Surf will build through the day on Wed as the fetch thickens up across the Southern and Central Coral Sea, aimed up straight at QLD. That will see surf build from 3-4ft up into the 4-6ft range during the a’noon, although quality will be constrained by freshening E/SE winds which will tend more E’ly in NENSW. Needless to say, Protected Points only for Wed. Expect bigger surf in QLD compared to NENSW, with size dipping south of Yamba.
Thursday is where we see surf really kick in. The fetch matures, covering most of the Northern Tasman and Coral Sea with E’ly winds. That will see strong E/NE swell build through the day across the f/cast region. Expect size to build from 6ft+ up into the 8ft range during the day. It’s going to be far from good with fresh/strong E/NE winds. More of a raggedy, juiced up windswell type of day that is likely to do damage to sandbanks. There will be some traces of long period S swell from storm force polar low passing under Australia but this won’t amount to much more than a few 2-3ft sets and to be honest, it’s not enough of a signal to stand out from the noise apart from a few rare locations.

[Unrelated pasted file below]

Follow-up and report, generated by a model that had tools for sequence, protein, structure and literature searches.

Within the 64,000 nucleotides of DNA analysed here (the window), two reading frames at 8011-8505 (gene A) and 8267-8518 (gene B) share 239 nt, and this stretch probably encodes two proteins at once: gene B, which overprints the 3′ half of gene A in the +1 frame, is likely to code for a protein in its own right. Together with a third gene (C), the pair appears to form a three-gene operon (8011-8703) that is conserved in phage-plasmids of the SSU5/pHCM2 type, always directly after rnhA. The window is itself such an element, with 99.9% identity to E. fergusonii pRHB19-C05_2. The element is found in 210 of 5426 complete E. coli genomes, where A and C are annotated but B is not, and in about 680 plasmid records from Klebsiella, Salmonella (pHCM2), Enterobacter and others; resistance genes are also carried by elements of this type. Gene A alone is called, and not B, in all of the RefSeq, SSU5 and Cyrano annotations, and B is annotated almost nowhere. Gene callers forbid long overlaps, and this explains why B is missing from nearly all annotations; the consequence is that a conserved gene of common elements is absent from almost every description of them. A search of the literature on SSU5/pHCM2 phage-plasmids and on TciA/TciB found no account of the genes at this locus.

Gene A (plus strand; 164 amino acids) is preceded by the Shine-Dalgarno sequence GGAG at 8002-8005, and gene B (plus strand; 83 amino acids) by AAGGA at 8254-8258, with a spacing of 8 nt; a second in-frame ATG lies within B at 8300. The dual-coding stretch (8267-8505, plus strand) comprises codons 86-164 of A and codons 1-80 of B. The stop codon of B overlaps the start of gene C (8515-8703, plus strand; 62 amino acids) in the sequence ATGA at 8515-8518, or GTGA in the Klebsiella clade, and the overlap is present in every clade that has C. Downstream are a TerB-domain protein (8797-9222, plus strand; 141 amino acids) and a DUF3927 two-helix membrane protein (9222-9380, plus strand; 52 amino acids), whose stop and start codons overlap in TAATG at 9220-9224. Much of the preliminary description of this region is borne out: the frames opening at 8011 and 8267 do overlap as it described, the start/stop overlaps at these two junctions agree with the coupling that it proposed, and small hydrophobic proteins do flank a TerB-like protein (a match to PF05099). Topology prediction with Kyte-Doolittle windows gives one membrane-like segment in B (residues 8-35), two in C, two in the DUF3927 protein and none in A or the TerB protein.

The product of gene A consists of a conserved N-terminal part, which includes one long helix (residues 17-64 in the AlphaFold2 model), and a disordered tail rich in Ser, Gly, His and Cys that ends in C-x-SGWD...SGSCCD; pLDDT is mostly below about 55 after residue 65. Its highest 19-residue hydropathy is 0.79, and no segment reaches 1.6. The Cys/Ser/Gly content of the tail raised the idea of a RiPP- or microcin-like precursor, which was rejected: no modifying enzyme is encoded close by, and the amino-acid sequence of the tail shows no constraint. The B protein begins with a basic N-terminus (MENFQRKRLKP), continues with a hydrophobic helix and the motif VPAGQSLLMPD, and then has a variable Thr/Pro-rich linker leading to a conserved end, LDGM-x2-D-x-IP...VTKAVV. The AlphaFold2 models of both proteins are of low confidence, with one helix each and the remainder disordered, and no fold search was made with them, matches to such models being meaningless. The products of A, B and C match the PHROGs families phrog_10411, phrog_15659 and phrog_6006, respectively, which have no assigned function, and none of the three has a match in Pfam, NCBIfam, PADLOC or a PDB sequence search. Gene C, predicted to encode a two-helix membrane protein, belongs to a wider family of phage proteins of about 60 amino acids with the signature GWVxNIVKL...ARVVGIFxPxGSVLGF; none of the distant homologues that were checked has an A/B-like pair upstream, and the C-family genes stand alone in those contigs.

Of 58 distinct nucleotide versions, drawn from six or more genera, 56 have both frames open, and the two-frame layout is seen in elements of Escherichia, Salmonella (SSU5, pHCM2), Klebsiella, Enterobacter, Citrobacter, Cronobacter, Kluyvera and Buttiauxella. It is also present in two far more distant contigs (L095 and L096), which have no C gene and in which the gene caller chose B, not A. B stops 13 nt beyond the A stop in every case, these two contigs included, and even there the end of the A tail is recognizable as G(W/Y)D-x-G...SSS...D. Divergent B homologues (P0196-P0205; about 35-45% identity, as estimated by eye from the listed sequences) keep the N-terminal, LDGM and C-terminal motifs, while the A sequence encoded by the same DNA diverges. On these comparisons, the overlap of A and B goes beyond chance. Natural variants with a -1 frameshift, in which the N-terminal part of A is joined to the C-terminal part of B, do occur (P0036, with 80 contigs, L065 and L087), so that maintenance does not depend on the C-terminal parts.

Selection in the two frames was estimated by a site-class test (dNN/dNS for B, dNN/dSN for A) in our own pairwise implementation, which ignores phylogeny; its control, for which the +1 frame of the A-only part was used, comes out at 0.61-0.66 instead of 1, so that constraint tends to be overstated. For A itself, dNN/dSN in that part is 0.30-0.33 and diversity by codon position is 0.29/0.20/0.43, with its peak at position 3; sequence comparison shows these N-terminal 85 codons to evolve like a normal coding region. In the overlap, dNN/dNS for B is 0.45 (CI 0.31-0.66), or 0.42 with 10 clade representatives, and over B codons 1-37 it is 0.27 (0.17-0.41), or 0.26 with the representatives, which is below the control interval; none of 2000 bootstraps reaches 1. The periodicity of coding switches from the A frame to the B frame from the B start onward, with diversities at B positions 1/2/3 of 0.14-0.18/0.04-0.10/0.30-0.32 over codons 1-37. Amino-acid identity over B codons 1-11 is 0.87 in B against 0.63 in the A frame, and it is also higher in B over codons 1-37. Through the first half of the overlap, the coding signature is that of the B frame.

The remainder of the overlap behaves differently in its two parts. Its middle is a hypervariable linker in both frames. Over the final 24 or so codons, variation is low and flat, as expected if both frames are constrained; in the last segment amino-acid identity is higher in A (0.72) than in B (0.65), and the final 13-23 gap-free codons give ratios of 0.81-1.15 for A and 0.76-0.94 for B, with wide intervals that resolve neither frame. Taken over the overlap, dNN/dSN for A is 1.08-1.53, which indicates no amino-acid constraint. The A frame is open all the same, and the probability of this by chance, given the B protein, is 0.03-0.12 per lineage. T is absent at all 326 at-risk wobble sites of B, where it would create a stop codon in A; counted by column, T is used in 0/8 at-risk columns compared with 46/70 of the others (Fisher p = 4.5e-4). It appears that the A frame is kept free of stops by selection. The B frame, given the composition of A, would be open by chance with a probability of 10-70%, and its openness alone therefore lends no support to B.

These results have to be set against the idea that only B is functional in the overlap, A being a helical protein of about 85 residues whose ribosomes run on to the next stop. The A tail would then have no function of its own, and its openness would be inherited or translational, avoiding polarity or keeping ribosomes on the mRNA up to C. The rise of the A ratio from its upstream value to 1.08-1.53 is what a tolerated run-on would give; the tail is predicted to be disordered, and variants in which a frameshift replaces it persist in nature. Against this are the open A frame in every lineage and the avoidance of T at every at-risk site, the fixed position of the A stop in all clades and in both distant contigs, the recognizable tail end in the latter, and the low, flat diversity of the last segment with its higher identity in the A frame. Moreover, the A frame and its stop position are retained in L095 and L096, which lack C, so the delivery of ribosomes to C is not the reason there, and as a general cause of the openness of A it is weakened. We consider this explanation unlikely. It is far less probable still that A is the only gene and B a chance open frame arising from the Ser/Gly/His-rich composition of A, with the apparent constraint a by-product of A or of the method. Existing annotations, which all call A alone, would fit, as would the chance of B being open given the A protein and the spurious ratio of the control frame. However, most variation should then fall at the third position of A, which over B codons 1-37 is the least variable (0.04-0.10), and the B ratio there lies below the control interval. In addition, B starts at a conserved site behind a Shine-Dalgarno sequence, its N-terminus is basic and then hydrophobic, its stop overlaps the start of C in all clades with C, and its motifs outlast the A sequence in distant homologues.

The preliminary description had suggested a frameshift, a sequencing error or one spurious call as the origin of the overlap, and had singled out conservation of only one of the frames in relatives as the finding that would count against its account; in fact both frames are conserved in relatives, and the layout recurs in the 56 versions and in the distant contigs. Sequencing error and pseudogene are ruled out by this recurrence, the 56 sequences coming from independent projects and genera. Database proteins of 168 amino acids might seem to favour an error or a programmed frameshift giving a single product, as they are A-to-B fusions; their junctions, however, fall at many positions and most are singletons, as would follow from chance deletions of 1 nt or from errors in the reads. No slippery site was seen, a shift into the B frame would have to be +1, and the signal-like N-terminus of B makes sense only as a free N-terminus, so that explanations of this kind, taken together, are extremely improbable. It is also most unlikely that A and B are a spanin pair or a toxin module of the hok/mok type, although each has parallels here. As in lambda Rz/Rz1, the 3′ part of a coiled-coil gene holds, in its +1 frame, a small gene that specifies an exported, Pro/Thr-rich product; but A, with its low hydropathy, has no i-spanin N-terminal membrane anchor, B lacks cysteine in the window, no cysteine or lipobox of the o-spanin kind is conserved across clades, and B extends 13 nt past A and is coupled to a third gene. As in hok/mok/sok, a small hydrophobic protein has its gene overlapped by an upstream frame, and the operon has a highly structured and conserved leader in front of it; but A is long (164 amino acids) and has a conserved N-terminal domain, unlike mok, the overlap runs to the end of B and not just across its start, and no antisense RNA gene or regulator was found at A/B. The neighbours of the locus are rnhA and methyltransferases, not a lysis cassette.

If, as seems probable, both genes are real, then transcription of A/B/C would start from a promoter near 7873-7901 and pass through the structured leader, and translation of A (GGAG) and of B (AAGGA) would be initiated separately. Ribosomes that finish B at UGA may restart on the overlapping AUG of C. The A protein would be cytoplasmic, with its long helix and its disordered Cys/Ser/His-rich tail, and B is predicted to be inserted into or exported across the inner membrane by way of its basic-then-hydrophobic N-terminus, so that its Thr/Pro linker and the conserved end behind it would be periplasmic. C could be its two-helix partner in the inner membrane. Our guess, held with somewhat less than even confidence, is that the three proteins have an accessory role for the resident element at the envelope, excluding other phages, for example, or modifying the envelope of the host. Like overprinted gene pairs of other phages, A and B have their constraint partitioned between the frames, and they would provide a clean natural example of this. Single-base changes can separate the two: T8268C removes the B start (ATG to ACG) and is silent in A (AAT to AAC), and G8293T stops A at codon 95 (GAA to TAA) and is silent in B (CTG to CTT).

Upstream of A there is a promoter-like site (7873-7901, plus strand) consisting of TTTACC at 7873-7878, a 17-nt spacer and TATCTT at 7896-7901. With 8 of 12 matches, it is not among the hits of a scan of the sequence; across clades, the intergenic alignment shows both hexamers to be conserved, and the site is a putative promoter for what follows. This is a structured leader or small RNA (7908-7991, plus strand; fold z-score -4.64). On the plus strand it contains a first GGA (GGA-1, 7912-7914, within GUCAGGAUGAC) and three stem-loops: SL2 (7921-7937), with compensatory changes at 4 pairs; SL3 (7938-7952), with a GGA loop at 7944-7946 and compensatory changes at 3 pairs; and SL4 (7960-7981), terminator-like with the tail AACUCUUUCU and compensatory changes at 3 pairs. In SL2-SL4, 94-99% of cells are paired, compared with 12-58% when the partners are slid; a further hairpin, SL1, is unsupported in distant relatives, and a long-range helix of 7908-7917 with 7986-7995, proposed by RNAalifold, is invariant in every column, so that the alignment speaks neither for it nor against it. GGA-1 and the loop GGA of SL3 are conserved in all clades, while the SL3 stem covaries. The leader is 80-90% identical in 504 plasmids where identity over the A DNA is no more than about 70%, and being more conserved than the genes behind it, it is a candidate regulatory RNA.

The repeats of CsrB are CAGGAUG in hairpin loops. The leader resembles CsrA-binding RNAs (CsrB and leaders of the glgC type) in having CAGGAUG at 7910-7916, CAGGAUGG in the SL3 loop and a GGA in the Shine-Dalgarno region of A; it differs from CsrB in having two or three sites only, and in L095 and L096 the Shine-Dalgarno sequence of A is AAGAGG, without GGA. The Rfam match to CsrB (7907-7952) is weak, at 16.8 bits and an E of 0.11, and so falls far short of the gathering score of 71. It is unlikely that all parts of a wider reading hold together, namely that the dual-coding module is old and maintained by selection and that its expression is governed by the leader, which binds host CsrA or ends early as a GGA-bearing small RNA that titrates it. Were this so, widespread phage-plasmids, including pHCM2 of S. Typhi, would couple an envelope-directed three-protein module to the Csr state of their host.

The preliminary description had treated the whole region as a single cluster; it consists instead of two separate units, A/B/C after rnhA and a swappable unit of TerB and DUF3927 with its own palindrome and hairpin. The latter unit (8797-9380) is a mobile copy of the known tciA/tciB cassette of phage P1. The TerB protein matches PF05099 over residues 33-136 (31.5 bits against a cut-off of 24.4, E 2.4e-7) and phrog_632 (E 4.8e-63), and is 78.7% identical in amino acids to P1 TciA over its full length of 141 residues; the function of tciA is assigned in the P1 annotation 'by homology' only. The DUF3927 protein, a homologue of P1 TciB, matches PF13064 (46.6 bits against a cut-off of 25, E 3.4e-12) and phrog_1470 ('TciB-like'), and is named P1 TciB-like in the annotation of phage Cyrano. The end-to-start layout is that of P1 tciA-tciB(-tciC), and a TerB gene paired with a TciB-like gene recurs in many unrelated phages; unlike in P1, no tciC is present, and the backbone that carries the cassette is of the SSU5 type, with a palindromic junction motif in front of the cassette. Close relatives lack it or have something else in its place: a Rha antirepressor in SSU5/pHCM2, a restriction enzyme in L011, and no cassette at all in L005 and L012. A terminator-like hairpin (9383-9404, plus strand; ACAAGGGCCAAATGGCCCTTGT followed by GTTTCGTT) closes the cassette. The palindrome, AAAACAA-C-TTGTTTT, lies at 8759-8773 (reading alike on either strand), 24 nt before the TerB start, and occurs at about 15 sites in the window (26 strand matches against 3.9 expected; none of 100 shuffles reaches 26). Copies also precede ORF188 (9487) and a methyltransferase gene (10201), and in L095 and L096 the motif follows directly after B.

If Thurs is a lay day then Friday repeats the dose. It looks like a hectic day. A surface low, likely a hybrid variety is expected to drift south from the CQ Coast through Thurs to be off Fraser Island Fri morning. A broad fetch of E/NE gales will be aimed directly at SEQLD, suggesting a day of large to very large storm surf. How big?
Previous hybrid lows in similar positions have produced surf in the 12ft+ range, with sets to 15ft on the cards during the a’noon. It’s likely to be academic due to fresh/strong E to E/NE winds which will render everywhere blown out.
This weekend (May 14-15)
There’ll be heaps of surf this weekend from the strong E/NE swell although we are expecting an easing trend as the surface low off the Fraser Coast concentrates the fetch more into the sub-tropics, before it fizzles out at that latitude.
Surf quality will hinge on the timing of an approaching trough, which brings a clearing offshore flow.